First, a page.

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Dwelling on the idea of tradition and transition as a cultural continuity, ‘India Seamless’ creates visual connections between temporally and geographically disparate Indias. Thus, history, living myths and popular perceptions are jumbled together to showcase India’s changing vocabulary of architecture and design elements in all their diversity across regions, climates and communities. 

This section was conceptualised as four talismanic panoramas, each an artistic rendition of the four regions of India – the north, south, east and west. When seen together, they become one, the story of India. These works through the creative collaborations between artists, designers and traditional craftspeople position cultural artefacts and legacy skills with the contemporary.



Trained as a historian before she trained as a painter, Nilima Sheikh delved into the history of Kashmir, tracing the trajectories of its turbulent landscape. In keeping with the theme, Sheikh and BV Suresh, another veteran artist from Vadodara, conceptualised ‘Conjoining Lands’ as an imaginary world of symbolic landscapes that speak to cultural synthesis rather than geographic or political boundaries. 

‘Conjoining Lands’ isn’t about creating a utopian world. The very premise of a utopia suggests the presence of a polarised opposite, reality... It does not present Kashmir from a fixed point of view, or place it within our personal narratives as we would in our own work. Instead, we have tried to represent multiple ways of constructing history, geographies, time, and space through different media. Visual references from the region’s art history serve as reinforcements, drawing links between Central Asia and South Asia, hoping to throw open boundaries,” says Sheikh, including in the work, sections of a painted panel that quote Kashmir’s Persian antecedents. “Though Suresh and I have conceived the entire project, our intention is to make the work extend into a collaborative effort. So there are the canvases we created with many young artists at the painting workshop in our studio in Vadodara – Mahesh Baliga, Prasad KP, Chandrashekar Koteshwar, Sudip Dutta, Rashmimala, Raju Patel, Jayanth M and Sharath K. Sasidharan Nair, a senior artist and teacher at the Faculty of Fine Arts, is creating the glass sections, while Nehal Rachh worked on the ceramic elements” says Sheikh.

Choosing to work closely with indigenous crafts people from Srinagar “because in addition to what crafts may be used to articulate in terms of the composition itself, they also tell their own stories of continuities and ruptures,” says Shaikh. “It seemed befitting considering our composition was inspired by a late 19th century shawl we saw in the collection of the Srinagar Museum. Adds Suresh, “The embroidery of the shawl represents a birds-eye view of Srinagar with its main street buildings and gardens. There are even tiny boats on the Dal Lake and the River Jhelum.”

“We eventually narrowed down to crafts associated mainly with wood,” explains Sheikh. “So we included two distinct woodwork techniques of Kashmir – the pinjrakari lattice screens and the geometric patterned khatamband panels, which were custom-made for the installation by Shakeel Ahmad Najar& Associates and Mohammad Yousuf Najar & Associates respectively,” says Sheikh. Sheikh and Suresh also decided to include the crafted houseboats, commissioning Nazir Ahmad Muran, renowned for the houseboats he constructs from deodar.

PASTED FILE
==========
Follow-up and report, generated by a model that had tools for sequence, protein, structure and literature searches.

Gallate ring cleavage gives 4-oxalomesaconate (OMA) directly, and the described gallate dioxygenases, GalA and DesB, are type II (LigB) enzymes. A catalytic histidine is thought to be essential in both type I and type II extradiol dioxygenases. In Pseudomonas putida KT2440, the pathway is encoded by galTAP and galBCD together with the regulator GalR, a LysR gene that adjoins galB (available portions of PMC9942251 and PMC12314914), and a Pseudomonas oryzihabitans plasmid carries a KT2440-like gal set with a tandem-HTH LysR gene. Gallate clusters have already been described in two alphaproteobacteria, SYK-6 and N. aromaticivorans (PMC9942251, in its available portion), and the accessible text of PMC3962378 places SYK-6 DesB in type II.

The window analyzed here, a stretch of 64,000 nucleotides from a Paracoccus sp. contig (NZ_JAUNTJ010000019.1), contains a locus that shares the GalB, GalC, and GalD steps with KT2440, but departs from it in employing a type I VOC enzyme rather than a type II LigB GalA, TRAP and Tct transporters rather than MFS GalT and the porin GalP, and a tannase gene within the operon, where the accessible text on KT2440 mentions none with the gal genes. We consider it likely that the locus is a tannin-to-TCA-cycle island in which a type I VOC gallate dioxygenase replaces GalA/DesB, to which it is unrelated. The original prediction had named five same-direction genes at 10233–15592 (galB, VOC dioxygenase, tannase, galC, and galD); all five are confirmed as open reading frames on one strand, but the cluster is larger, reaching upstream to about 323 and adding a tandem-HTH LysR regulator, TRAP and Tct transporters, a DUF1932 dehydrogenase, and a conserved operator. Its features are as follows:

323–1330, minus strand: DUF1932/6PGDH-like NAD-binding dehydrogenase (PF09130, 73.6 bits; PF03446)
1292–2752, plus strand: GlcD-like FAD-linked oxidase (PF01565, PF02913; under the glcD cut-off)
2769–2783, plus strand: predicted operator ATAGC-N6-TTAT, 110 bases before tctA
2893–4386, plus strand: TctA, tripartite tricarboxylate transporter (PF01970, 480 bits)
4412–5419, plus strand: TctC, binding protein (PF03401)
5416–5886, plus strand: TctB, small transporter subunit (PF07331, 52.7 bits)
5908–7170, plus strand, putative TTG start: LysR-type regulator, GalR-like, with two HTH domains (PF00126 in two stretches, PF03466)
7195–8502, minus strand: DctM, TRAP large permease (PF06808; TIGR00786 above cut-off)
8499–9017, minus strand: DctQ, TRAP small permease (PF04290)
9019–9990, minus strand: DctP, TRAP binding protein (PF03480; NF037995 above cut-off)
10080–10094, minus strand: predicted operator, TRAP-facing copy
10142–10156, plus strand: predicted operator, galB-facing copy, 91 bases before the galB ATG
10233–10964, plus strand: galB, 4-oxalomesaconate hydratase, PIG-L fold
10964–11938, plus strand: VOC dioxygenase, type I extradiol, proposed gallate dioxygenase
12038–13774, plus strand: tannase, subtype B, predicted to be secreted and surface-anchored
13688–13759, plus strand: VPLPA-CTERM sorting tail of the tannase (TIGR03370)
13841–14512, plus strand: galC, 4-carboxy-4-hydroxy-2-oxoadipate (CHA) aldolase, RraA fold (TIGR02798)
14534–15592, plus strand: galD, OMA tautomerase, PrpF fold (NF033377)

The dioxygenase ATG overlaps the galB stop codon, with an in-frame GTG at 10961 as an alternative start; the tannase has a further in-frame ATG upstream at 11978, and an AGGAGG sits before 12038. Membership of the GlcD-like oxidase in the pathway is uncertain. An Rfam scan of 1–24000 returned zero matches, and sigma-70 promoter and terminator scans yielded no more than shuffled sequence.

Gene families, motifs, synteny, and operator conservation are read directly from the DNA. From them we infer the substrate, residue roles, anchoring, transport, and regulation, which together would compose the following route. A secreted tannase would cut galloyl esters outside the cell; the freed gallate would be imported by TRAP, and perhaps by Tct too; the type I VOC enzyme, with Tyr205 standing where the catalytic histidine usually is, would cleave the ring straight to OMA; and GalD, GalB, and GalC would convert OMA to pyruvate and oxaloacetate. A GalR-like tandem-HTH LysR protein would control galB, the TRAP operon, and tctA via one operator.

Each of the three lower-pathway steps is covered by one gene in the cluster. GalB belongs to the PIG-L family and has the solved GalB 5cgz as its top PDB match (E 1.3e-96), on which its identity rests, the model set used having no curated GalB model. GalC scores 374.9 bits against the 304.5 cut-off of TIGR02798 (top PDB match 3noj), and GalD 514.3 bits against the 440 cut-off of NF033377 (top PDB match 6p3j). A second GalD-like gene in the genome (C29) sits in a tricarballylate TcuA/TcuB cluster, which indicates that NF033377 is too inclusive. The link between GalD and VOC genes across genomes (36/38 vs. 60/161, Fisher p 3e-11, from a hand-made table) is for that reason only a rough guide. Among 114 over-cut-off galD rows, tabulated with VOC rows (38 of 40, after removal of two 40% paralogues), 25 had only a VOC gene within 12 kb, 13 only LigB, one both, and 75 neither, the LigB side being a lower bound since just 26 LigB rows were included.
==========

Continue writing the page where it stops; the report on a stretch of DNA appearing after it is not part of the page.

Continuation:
In addition a combination of the conventional papier-mâché technique and relief work or ubhrakaamis used to create three dimensional, ‘embossed’ forms on a flat surface. “The change in dimension changes the experience of the work, especially at this scale,” says Sheikh.Looking at creating a synthesis of elements and materials, the work attempts to destroy hierarchical perceptions of ‘art’, ‘craft’ and ‘architecture’.

“One of the challenges we faced when we were conceptualizing the work based on the shawl map, and references from historic paintings, was the shift in scale. Miniaturisation, as a representation tactic, allows ‘reality’ to be filtered through artistry. Here we were working in reverse, using the pictorial language of the miniatures as a language, but dramatically altering the gestalt,” says Sheikh.

Walnut wood - carving

Walnut wood carving reached Kashmir from Central Asia 600-700 years ago, through the Sufi Saint Shah Hamdan, whose era is synonymous with peace, progress and prosperity. Kashmir is the only region in India bestowed with the presence of the majestic Walnut Trees; hence Walnut wood carving is among the most important crafts of Kashmir. Wood used for carving can be from the root or trunk of the tree. The wood derived from the root is almost black with the grain more pronounced than the wood from the trunk, which is lighter in color. It is the dark part of wood, which is best for carving as it is strong; it is also among the most expensive.

The carving of furniture and smaller items is an elaborate process and involves a high degree of skill and craftsmanship. The Kashmir craftsman rejoices in carving intricate and varied designs, he first etches the basic pattern on to the wood and then removes the unwanted areas with the help of chisels and a wooden mallet, creating an overall effect which tends towards three-dimensional depiction of various motifs or scenes, depending on the number of layers.

The motifs on the wooden artifacts are inspired from the various natural wonders of Kashmir, Chinar leaves, Vine leaves, flowers like Lotus and Rose. The craft was initially restricted to the creation of elaborate palaces, intricately carved buildings, shrines and mausoleums. A single piece can take from 2 days to 6 months depending on the intricacy of the pattern.

Walnut wood has an inherent sheen which surfaces on its own when polished with wax or lacquer.